"extensive"); Okeson, 150 Wn.2d at 551
(noting that "[a] local government does not have the
power to impose taxes without statutory or constitutional
authority"). Thus, there is a concern that cities could
"avoid the constitutional limitations on taxes" by
simply characterizing a tax as a regulatory fee. Id.
Consider the Covell Factors To Distinguish between
Taxes and Fees
determine whether an ordinance imposes a tax or a fee,
Washington courts follow the three-part test outlined in
Covell. Ill. Wn.2d at 879. The first-and most
important-Covell factor asks whether the
"'primary purpose'" of the ordinance is to
raise revenue or to regulate. Id. (quoting
Hillis Homes, Inc. v. Snohomish County, 97 Wn.2d
804, 809, 650 P.2d 193 (1982) (Hillis Homes I)). If
the legislative purpose behind the Ordinance is '"to
accomplish desired public benefits which cost money,
'" the charge is a tax. Id. (quoting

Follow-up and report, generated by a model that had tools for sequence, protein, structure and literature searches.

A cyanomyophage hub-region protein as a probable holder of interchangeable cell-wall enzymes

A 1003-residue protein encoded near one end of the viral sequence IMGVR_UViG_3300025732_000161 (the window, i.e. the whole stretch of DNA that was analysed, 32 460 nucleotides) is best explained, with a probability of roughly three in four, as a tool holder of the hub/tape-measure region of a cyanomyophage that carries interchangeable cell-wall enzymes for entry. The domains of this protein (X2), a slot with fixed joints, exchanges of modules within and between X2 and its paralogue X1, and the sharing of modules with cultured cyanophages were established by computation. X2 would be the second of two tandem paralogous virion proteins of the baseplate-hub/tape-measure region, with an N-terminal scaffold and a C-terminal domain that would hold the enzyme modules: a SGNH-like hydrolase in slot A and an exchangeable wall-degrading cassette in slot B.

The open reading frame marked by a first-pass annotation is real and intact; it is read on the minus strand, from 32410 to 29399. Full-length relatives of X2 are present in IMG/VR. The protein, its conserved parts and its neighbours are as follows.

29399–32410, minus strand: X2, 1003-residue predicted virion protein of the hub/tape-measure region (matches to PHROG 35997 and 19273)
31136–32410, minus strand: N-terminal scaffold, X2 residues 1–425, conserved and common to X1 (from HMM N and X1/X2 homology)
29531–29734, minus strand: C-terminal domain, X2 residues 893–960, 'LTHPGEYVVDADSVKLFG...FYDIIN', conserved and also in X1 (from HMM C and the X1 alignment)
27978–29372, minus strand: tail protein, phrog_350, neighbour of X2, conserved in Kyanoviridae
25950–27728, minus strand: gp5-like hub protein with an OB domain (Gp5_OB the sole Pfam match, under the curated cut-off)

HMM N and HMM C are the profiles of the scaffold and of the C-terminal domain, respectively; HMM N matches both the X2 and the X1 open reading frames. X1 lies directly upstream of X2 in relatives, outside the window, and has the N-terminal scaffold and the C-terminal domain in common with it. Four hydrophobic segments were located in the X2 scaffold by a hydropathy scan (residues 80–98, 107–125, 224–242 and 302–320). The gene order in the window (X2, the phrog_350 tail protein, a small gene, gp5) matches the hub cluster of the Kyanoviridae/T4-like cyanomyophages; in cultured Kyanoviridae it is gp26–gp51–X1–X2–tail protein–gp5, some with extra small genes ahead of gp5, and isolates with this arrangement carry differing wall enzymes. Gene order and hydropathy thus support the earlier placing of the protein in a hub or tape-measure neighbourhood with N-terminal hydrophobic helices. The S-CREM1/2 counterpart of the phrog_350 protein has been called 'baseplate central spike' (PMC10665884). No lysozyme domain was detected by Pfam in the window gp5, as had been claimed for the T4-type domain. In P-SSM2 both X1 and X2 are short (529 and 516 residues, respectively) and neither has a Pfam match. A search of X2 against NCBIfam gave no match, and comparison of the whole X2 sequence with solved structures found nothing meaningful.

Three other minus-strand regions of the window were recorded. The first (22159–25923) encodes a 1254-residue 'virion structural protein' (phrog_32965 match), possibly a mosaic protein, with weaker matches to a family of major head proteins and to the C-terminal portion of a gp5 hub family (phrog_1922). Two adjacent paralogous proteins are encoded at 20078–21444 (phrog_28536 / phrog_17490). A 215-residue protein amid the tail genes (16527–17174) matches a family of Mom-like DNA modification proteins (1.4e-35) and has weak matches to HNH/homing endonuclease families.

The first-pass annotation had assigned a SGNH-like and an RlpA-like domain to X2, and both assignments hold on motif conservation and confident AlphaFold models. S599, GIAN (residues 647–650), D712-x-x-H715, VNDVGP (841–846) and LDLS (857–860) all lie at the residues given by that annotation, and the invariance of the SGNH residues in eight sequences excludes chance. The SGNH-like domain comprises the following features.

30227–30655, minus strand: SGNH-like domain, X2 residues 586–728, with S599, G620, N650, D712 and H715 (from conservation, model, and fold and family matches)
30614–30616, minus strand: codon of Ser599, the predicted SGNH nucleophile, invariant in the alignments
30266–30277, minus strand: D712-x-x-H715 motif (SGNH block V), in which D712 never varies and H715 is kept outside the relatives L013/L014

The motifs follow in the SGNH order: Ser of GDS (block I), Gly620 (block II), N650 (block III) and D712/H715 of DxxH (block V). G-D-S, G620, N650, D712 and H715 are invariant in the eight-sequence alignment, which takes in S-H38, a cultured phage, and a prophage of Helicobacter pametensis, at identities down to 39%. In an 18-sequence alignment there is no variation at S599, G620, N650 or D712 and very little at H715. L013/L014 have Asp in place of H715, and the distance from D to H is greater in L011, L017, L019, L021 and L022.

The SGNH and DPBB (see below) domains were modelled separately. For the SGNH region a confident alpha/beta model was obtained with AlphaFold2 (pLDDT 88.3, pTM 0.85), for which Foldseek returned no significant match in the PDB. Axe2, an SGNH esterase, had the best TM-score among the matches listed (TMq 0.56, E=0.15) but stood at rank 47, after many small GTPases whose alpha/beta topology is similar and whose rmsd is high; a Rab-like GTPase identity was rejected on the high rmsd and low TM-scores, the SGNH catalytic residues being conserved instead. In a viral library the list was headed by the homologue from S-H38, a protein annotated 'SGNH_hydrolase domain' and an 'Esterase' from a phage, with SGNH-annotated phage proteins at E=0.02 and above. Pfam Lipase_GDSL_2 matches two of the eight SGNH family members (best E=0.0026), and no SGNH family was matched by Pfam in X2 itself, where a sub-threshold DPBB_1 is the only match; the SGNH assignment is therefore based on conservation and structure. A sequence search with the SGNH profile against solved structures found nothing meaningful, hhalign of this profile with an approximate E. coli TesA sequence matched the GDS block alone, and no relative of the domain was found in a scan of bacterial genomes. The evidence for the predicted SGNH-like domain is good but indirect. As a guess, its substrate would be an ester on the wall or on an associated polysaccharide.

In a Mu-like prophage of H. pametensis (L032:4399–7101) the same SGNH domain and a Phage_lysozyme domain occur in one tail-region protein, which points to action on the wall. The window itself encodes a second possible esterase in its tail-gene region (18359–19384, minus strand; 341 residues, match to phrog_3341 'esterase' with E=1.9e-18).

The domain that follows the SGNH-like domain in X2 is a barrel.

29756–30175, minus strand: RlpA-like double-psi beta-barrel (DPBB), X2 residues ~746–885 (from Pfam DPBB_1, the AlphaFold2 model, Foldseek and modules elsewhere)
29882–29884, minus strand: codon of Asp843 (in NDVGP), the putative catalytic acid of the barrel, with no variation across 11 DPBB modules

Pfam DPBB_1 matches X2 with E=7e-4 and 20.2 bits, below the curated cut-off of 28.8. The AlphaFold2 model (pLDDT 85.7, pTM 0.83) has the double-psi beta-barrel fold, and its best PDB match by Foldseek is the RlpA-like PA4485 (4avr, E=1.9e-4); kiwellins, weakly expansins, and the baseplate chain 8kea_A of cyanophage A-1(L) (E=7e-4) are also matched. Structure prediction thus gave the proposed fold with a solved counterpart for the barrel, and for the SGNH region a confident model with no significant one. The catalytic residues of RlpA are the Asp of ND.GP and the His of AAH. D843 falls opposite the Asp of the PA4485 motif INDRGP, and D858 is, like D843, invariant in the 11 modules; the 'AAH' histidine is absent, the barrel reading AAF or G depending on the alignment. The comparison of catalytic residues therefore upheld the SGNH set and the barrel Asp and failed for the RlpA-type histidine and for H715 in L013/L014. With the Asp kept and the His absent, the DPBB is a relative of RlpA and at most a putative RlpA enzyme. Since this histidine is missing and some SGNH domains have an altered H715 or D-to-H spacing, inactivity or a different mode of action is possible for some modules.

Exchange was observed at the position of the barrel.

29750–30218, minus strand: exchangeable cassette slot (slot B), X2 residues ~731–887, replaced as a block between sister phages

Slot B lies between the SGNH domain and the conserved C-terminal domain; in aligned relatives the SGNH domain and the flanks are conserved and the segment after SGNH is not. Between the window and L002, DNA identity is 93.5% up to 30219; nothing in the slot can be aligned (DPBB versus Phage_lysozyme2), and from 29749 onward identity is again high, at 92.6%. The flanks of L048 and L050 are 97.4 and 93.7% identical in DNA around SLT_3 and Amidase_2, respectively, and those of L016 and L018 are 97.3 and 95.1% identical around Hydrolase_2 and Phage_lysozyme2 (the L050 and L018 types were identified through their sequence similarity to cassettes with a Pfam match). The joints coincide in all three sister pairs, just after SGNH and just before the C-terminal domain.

Hillis Homes I, 97 Wn.2d at 809). On the other hand,
if the primary purpose is to exert regulatory control over
those paying the fee, then the "charges are properly
characterized as 'tools of regulation, ' rather than
taxes." Teter v. Clark County, 104 Wn.2d 227,
239, 704 P.2d 1171 (1985).
second Covell factor asks "whether the money
collected must be allocated only to the authorized regulatory
purpose." Covell, 127 Wn.2d at 879. Collecting
funds into a segregated, dedicated account indicates a
regulatory fee. See, e.g., Hillis Homes, Inc. v.
Pub. Util. Dist. No. 7, 105 Wn.2d 288, 300, 714 P.2d
1163 (1986) (Hillis Homes II) (water fees used to
pay only for improvements to the water system). Tax revenue,
by contrast, is more likely to be mixed into the general
fund. See Samis Land Co., 143 Wn.2d at 810-11
(revenue from vacant lot tax applied to city-wide utility
system expenses). However, Covell itself recognized